[Fantasia 2019] It’s Not Quite Endless Love w/ White Snake

27 Jul

By Ed Sum
(The Vintage Tempest)

Distributed by GKIDS

The latest animated film from China about the Legend of the White Snake is making its rounds at film festivals, like Fantasia 2019. As a prequel, the setup is simplified. White Snake (白蛇) defines Xiao Bai as the main character. Her story is familiar, and is no different in scope when compared to William Shakespeare’s Romeo and Juliet or even Baz Luhrmann’s Moulin Rouge.

This computer animated work is very Disney-esque–complete with the prerequisite sidekick comic relief. When a medicine-man (not wanting to be a snake catcher) Xuan (Tianxiang Yang) rescues Bai (Zhang Zhe), her anmesia results in her having to figure out who she is. The story begins with us knowing that she is a spirit from the mountains–a white snake–attempting to attain that higher level of harmony (immortality, according to the subtitles–which makes little sense when spirits are technically very long-lived). However, a memory is holding her back and what she learns which makes up the film is one of sorrow and sacrifice.

This tale tries to make the story universally accessible, and it succeeds. Dudau, Xuan’s pet canine is completely unnecessary; first-time feature film writer Damao may have drawn from Tsui Hark’s animated Chinese Ghost Story (1997) where the dog was important to help the couple survive the reincarnation gate. Even comparisons can be made to the Green Snake (1993). The comedy is light, the romance is heavy, and the grande battle borrows from World of Warcraft. Although the two will not admit to being in love, their feelings are obvious to the enemy–talking snakes. They have more invested stakes in the plot that’s afoot.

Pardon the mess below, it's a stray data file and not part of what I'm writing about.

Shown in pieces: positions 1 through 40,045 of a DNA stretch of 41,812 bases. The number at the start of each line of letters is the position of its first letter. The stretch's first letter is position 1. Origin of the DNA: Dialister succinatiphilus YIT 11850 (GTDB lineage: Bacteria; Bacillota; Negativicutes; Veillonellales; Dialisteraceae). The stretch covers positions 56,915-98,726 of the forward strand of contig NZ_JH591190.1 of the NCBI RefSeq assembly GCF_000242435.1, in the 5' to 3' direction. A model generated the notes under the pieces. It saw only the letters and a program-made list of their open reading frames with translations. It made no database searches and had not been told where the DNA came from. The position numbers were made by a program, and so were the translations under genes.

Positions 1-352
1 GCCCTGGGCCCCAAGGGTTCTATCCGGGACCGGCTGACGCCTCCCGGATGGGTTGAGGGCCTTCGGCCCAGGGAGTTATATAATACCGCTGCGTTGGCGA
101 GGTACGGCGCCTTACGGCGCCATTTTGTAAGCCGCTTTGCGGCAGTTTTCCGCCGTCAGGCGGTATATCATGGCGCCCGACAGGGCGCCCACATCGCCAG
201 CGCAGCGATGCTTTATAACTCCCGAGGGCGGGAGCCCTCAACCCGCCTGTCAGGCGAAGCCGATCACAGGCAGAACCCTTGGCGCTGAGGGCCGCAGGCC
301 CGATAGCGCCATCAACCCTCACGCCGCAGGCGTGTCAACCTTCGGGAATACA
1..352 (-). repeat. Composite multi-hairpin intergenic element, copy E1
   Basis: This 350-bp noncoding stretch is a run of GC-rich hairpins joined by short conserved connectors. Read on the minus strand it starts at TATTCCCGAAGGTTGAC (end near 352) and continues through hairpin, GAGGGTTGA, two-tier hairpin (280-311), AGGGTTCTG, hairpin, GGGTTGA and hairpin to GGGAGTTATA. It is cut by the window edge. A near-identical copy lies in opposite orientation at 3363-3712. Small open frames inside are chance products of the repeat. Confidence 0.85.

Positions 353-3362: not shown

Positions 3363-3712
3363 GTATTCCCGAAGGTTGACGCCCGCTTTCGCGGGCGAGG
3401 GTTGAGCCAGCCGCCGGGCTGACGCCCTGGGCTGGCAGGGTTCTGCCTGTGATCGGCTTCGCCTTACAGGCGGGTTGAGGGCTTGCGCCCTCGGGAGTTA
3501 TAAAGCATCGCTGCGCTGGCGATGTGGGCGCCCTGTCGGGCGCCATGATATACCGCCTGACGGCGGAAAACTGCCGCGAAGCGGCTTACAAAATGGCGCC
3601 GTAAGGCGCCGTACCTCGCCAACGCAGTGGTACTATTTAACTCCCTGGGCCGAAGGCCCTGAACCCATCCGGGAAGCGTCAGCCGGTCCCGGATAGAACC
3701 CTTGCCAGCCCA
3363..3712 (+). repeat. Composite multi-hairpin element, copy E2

All serpents are fearful of staying above ground because the Emperor of China ordered their extinction. He believes that by capturing and slaying them will save the empire. His number one–a Taoist general–serves his lord, and has his own agenda too.

Story-wise, the villains could be better. The mischievous Fox Spirit (Zheng Xiaopu and Zhang Lei) has her own motives which conflicts with the real villain. This dual personality is like Loki from the Marvel films, a trickster. Odin, er the Snake Master (Liu Wei) is the ringleader of all this mess and she’s a wily one. I miss the badass demons the original Chinese Ghost Story films had. They dominated and had absolute control of the spirits of those buried nearby.

Despite a very Hollywood style story and only one musical moment, the CGI and technicolour visuals are gorgeous to behold. I will never tire of watching these films because of the exotic locales used.

With this film’s central theme, it’s easy to tell how love is a many-splendored thing–even if it takes centuries to find. As for whether they will make a part two, it’s questionable. While Eastern audiences know this tale very well, others may not and I recommend reading it than to seek the latest theatrical interpretation of this fable.

4 Stars out of 5

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